Carney dismisses GOP plan as 'duck, dodge and dismantle'

Shortly after President Obama officially threatened to veto the Republicans' "cut, cap and balance" plan, the White House's top spokesman mocked the proposal as "duck, dodge and dismantle."

White House press secretary Jay Carney said Monday that the plan put forth by House Republicans would dodge responsibility, duck the nation's obligations to its creditors and dismantle social programs.

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While Republicans are planning to go forward this week with votes on the plan, it is virtually assured defeat in the Senate. And if, by some way, it were to get through the Senate, Obama has made clear he would veto the plan.

The House GOP proposal, likely to receive a floor vote on Tuesday, would cut 2012 spending by $111 billion, cap future spending at 18 percent of gross domestic product and allow for a debt-ceiling increase if Congress approves a balanced-budget amendment.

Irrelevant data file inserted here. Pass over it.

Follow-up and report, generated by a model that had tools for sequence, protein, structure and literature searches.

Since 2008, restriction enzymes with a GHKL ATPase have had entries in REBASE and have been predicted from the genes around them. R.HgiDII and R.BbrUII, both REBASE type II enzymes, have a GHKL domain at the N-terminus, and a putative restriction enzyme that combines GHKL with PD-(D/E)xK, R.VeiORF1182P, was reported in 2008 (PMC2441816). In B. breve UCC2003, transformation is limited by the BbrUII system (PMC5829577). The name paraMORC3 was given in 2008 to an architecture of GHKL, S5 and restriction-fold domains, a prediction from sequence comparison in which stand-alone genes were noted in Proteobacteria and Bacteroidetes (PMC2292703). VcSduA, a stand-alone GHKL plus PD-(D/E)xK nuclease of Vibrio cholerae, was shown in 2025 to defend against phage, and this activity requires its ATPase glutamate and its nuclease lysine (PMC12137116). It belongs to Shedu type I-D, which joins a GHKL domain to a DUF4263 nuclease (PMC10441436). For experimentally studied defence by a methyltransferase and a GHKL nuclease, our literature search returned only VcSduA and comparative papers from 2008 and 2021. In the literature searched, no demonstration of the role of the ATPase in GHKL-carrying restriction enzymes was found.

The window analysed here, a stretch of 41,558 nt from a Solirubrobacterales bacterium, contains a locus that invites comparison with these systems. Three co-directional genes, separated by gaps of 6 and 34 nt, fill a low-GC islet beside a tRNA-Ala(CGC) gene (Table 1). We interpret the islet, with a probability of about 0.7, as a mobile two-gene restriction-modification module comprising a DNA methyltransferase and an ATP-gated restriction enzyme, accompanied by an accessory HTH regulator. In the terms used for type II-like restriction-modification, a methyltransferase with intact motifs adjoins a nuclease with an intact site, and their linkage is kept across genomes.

Carney said that the Republican embrace of the plan is "classic Washington posturing, Kabuki theater," and blasted House Republicans for "going through the motions, pretending you're for something that's never going to pass."

Obama told reporters Monday that he and congressional leaders are making progress, even as Carney backed off the July 22 date administration officials had previously laid down as the deadline to get an agreement and give Congress time to act before the U.S. exceeds its borrowing authority on Aug. 2.

The president met secretly with both House Speaker John Boehner (R-Ohio) and House Majority Leader Eric Cantor (R-Va.) at the White House on Sunday night, but Carney refused to say what the topic of discussion was or whether progress was made in that meeting.

Carney said the president and his staff have been in constant contact with congressional leaders and their aides, and that Obama is continuing to push for the biggest deal possible.

Short of that, Obama's staff is discussing Senate Minority Leader Mitch McConnell's (R-Ky.) "back-up plan" that would raise the debt ceiling with about $1.5 trillion in cuts.